Patriotic holidays in the US

The nation's liturgical calendar celebrating our militarized history

by Ken Sehested

There are 14 officially-sanctioned holidays (or commemorative days) in the US annual calendar which, directly or indirectly, commemorate a militarized history of the nation.

        This does not include commemoration of the Confederate cause of the Civil War, or the birthdays of one of the Confederate leaders, in 11 Southern states (Alabama, Arkansas, Florida, Georgia, Kentucky, Louisiana, Mississippi, North Carolina, South Carolina, Texas and Virginia) and in Pennsylvania, where the state’s Confederate partisans are remembered. In many of these, actual observance is fading or phased out entirely. (For more details, see “Confederate Memorial Day in the United States.”)

        Here's the list.

§ [President Abraham] Lincoln’s Birthday, celebrating our Civil War president (12 February).

§ [President George] Washington’s Birthday (22 February), celebrating the Commanding General of the US Revolutionary War and first US president.

§ Loyalty Day (1 May) originally began as "Americanization Day" in 1921 as a counter to the Communists' 1 May celebration of the Russian Revolution. (“May Day” celebrations actually go back to the pre-Christian era and continues as a spring festival for many countries in the northern hemisphere.) On 1 May 1930, 10,000 VFW members staged a rally at New York's Union Square to promote patriotism. Through a resolution adopted in 1949, 1 May evolved into Loyalty Day. Observances began in 1950 on April 28 and climaxed 1 May when more than five million people across the nation held rallies. In New York City, more than 100,000 people rallied for America. In 1958 Congress enacted Public Law 529 proclaiming Loyalty Day a permanent fixture on the nation's calendar.

§ Armed Forces Day (third Saturday in May).

§ Memorial Day (last Monday in May).

§ Flag Day (14 June). Prior to the Civil War, the US flag was not popularly displayed but “served mostly as a military ensign or a convenient marking of American territory, flown from forts, embassies, and ships, and displayed on special occasions like American Independence day.” [Adam Goodheart (2011). Prologue. 1861: The Civil War Awakening (Knopf Doubleday Publishing Group]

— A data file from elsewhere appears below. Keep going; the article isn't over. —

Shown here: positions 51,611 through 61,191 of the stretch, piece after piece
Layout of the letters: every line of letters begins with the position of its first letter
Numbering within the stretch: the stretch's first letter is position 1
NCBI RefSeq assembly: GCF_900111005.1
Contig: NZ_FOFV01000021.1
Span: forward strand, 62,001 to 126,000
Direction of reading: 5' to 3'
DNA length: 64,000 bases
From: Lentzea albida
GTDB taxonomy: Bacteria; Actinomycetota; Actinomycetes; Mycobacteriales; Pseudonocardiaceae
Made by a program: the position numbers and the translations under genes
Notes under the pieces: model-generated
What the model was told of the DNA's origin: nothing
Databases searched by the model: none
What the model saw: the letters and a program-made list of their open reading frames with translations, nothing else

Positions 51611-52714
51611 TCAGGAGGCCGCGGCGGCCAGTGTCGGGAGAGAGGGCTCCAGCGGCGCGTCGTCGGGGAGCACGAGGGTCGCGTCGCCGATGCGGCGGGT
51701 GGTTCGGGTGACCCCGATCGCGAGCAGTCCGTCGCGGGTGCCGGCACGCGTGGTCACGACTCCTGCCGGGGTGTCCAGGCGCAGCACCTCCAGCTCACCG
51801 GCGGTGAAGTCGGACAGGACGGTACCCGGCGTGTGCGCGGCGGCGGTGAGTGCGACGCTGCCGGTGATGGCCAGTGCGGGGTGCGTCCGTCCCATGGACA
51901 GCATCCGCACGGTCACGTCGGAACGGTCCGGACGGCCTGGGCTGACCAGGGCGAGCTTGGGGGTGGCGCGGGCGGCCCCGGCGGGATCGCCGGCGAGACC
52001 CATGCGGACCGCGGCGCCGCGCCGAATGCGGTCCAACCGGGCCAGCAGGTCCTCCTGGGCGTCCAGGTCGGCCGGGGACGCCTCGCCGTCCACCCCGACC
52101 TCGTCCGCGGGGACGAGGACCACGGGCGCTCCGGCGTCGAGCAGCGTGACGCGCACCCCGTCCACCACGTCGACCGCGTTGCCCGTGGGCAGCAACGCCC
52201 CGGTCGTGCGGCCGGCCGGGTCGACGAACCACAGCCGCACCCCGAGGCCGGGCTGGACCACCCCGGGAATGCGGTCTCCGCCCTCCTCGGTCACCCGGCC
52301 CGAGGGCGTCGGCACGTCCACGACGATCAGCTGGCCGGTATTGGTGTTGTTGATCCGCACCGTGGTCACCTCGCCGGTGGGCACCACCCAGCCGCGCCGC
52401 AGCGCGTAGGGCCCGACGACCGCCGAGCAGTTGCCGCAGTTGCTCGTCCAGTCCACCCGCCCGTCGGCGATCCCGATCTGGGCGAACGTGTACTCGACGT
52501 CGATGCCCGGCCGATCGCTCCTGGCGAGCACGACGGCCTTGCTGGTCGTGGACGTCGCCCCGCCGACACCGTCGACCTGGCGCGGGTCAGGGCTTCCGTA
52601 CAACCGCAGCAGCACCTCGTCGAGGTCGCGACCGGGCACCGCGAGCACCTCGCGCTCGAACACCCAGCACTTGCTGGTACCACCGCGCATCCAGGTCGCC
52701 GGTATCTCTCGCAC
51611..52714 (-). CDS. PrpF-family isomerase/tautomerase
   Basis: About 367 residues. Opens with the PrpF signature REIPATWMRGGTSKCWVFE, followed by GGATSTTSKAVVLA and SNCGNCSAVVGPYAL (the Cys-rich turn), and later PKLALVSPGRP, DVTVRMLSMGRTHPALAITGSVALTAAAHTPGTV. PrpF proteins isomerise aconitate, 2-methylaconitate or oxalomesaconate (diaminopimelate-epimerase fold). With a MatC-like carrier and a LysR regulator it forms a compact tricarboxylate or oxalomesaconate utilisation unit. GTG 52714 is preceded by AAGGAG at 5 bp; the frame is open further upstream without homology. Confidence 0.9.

§ Independence Day (4 July), aka Happy Low Explosive Pyrotechnics Display Day, commemorating the Chinese invention of gun power in the 9th century CE. In 2014 Congress passed a law requiring that all US flags displayed by the military be manufactured in the US. Not so with fireworks: 98-99% of what consumers purchase, and 75% of public display pyrotechnic, are imported from China.

§ Patriot Day (11 September), in remembrance of the terrorist attacks of 2001. Established by a joint resolution of Congress, 18 December 2001.

§ Constitution Day (17 September). In 1917, the Sons of the American Revolution formed a committee to promote Constitution Day. A new song, “I Am An American,” was featured at  the 1939 New York World’s Fair. Soon public media picked up on and promoted the theme. On 29 February 1952 Congress moved the "I am an American Day" observation to September 17 and renamed it "Citizenship Day.” Congress changed the name to “Constitution Day” in 2004.

§ National Prisoner of War/Missing in Action Recognition Day, customarily observed on the 3th Friday of September, was established by an act of Congress in 1998.

§ Columbus Day (second Monday in October), marking the start of European conquest of the Americas when gold thief Christopher Columbus, lost at sea, landed in the “new” world, thinking it was India. During the four hundredth anniversary in 1892, teachers, preachers, poets and politicians in the US used Columbus Day rituals to teach ideals of patriotism. These patriotic rituals took themes such as citizenship boundaries, the importance of loyalty to the nation, and celebrating social progress. Several locales in the US have begun substituting celebration of “Indigenous Peoples Day.”

§ National Boss Day (16 October). Just kidding.

§ Veterans Day (11 November).

§ Pearl Harbor Remembrance Day (7 December).

[Runner-up status goes to the annual “war on Christmas” pitting “Merry Christmas” vs. “Happy Holidays” each fall, commencing on “Black Friday” (the day after Thanksgiving’s national day of shopping) culminating in the after Christmas day-of-the-dead-evergreen.]

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